School begins in a month and I have yet to be paid for work I did in the spring. How does this happen? Because my principal doesn't know how to budget funds. For several years now, I have been paid in the autumn for work I performed in the previous school year. Sometimes waiting as long as six months for my earnings.
I am not alone in this predicament. Other colleagues have told me they have not been paid for after-school activities or for coverages (and we had a lot of coverages since the administration failed to appropriately budget for substitute teachers). What the hell!
And the accounting faux-pas don't end there. Every year we run out of supplies before we run out of school days. At staff meetings, we were emphatically told to continue teaching with rigor because "the school year is not over yet, people." Yet when I asked for staples, chalk, lightbulbs for projectors and EVEN COPY PAPER, the secretary just shook her head, "We're out. Sorry."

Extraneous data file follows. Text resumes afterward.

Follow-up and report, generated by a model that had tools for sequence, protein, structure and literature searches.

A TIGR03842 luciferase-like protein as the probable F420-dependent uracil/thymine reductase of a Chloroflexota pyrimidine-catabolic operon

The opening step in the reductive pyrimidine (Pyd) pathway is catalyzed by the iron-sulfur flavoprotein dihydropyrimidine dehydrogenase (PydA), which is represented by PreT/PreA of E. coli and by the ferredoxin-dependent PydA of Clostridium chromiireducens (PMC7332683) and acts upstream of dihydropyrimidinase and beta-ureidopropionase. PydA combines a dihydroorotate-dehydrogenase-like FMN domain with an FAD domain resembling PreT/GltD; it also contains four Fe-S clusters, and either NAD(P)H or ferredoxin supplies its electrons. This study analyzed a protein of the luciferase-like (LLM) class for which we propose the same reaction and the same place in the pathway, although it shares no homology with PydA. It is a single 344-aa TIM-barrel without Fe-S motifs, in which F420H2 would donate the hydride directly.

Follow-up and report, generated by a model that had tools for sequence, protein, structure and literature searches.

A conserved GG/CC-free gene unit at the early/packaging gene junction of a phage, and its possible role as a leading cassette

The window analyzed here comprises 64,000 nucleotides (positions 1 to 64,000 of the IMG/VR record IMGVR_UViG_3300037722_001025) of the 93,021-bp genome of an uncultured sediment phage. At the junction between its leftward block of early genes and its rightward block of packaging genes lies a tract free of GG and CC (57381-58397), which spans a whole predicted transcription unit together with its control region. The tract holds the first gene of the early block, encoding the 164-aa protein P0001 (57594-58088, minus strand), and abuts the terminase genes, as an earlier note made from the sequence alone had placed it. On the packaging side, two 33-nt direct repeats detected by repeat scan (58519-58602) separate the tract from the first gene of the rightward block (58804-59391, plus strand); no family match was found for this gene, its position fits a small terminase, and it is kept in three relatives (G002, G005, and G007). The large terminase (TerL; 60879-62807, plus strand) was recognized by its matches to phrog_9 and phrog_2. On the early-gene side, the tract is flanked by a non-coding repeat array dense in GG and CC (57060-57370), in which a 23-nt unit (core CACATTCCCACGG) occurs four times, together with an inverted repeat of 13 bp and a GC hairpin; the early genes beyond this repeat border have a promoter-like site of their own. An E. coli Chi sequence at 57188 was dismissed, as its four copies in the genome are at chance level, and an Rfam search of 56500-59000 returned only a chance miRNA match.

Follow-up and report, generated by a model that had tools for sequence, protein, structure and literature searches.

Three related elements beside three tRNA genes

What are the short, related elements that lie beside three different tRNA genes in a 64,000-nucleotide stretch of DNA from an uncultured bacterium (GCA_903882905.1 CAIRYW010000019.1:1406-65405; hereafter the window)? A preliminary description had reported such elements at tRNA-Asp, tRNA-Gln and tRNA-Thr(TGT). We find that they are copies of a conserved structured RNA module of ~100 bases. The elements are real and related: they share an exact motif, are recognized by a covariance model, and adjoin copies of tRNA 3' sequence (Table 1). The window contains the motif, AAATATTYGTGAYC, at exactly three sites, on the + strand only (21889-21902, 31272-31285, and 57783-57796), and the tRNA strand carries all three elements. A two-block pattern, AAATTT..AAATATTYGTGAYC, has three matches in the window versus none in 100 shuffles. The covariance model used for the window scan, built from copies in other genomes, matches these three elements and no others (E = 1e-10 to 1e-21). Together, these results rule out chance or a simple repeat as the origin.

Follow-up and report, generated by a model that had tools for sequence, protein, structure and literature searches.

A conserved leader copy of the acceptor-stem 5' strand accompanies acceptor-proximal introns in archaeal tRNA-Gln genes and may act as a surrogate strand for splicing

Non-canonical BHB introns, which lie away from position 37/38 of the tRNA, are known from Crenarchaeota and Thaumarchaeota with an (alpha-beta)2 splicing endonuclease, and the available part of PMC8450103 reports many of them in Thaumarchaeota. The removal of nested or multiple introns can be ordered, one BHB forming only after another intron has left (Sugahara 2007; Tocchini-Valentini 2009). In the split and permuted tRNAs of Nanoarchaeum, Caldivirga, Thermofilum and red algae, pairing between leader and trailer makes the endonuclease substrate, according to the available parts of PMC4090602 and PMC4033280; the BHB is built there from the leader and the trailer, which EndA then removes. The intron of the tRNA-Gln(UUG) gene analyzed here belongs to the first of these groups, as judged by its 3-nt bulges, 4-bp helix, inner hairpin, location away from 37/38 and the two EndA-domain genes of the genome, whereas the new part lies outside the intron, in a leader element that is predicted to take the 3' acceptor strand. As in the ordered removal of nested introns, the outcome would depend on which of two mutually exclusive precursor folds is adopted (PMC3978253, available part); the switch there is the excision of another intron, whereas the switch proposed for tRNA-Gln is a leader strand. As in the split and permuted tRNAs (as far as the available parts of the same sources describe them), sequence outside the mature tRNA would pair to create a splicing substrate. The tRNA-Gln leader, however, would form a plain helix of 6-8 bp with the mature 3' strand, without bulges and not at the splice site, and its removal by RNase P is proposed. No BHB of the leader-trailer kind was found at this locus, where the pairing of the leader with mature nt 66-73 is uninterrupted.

Sorry. Yes, my school is in a sorry state.
Demanding differentiation yet unable to allocate funds that would allow copying of materials for students who need larger print or leveled readings.
Expecting students to be engaged until the end of June when administrators themselves fail to allocate resources with foresight.
Insisting teachers perform duties for which administrators know they cannot pay them.
Does the DOE audit school budgets and look for these types of fiscal irresponsibility? And if they do, do they offer continuing education classes for principals who are clearly lacking skills in this area?
If so, I'd like to reserve a seat for one administrator. PLEASE.